Discriminations A L'Embauche Des Jeunes Franciliens Et Intersectionalite Du Sexe Et De L'Origine: Les Resultats D'Un Testing
Discrimination in hiring against certain demographic subgroups can be an explanatory factor of the high levels of unemployment in those groups. The present study proposes an evaluation of the cross effects of gender and ethnic origin on the access to employment of fictitious candidates with identical productive characteristics. This study is based on our own experimental data obtained by the paired testing method. We made up 8 fictitious job applications from young graduates with a master's degree in computing, and sent them simultaneously to the same 303 job offers between the beginning of February and the beginning of April 2009. The only differences between these fictitious candidates were their sex and their ethnic origin, as signalled by their first and last names (French, Senegalese, Moroccan and Vietnamese). We find a significant hiring discrimination both by gender and origin. Whatever their origin, women have a lower probability to access a job interview than men. Whatever their sex, the French of foreign origin have a lower probability to access a job interview. This is true for all profiles with one exception: women of Asian origin. They have a higher probability than other women to be invited to an interview and they also have a higher probability than men of Asian origin to find work. We propose an interpretation based on occupational stereotypes.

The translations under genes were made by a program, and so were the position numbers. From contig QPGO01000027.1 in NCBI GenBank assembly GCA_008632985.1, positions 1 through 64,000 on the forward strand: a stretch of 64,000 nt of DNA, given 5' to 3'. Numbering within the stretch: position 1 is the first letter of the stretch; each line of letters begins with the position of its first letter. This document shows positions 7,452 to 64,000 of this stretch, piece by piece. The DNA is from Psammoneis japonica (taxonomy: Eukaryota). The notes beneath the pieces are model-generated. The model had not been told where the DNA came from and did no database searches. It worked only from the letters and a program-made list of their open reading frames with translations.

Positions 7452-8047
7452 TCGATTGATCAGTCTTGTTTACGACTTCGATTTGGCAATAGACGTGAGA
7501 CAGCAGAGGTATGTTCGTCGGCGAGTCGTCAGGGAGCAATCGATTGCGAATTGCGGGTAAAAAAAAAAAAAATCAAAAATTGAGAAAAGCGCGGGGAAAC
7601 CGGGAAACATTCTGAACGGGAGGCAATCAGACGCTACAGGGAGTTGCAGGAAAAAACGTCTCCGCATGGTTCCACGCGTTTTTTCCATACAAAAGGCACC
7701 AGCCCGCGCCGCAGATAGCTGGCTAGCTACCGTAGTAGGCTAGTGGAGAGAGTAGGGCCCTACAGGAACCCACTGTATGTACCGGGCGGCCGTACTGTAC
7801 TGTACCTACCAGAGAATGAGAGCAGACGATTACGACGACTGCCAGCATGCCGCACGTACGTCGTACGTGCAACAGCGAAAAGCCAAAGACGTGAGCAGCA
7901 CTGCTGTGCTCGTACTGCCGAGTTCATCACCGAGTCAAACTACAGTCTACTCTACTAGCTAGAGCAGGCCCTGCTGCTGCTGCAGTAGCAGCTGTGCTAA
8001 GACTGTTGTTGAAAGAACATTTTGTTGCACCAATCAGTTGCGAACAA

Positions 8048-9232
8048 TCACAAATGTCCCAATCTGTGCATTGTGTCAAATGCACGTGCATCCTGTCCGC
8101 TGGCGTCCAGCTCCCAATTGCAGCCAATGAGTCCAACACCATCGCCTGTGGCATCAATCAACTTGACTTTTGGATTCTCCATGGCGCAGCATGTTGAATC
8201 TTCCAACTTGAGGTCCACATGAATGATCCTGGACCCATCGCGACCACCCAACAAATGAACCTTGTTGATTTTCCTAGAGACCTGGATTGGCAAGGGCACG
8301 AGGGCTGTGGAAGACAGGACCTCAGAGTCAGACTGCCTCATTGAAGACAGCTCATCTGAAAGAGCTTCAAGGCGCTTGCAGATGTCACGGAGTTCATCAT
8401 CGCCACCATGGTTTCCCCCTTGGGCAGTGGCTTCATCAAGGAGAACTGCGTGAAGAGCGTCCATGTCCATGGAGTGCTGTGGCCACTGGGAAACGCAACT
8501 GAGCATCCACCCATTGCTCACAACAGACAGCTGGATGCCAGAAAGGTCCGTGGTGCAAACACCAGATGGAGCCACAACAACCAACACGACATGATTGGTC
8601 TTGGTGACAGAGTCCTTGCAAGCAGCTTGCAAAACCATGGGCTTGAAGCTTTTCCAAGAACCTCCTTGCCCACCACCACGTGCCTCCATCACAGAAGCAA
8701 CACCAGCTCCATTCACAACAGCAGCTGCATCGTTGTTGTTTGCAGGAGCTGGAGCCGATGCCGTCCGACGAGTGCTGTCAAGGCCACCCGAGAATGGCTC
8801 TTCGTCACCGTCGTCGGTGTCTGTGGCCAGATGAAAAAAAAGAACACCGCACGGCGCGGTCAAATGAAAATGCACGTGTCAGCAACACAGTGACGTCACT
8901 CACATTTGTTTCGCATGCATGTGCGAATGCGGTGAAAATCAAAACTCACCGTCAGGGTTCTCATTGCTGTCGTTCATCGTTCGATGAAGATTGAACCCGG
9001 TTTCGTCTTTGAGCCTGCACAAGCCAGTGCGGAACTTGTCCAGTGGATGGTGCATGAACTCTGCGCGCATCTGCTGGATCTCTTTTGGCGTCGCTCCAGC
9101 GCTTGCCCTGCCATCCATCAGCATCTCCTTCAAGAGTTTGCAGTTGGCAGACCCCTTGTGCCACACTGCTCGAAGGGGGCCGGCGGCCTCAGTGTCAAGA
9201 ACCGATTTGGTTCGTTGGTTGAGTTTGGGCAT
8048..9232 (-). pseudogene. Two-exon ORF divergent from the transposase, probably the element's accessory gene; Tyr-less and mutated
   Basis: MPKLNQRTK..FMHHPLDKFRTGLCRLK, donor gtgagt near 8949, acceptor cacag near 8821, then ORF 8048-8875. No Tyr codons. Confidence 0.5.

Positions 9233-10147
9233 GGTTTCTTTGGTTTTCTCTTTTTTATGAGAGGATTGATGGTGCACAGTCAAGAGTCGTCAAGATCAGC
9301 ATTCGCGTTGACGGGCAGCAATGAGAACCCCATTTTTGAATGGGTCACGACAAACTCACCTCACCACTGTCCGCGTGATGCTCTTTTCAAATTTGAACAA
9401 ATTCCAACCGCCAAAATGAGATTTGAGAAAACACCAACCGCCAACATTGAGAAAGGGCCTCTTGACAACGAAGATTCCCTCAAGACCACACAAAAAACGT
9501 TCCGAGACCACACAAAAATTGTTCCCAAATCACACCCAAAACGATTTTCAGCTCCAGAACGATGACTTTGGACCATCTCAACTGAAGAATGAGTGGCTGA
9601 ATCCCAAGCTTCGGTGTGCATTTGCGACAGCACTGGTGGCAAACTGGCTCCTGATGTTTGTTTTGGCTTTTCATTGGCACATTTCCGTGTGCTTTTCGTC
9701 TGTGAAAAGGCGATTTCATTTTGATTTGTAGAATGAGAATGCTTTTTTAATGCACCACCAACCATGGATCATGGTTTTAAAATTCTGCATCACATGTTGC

|Date of creation:||Sep 2011|
|Publication status:||Published in 2011|
|Note:||View the original document on HAL open archive server: https://halshs.archives-ouvertes.fr/halshs-00744923|
|Contact details of provider:|| Web page: https://hal.archives-ouvertes.fr/|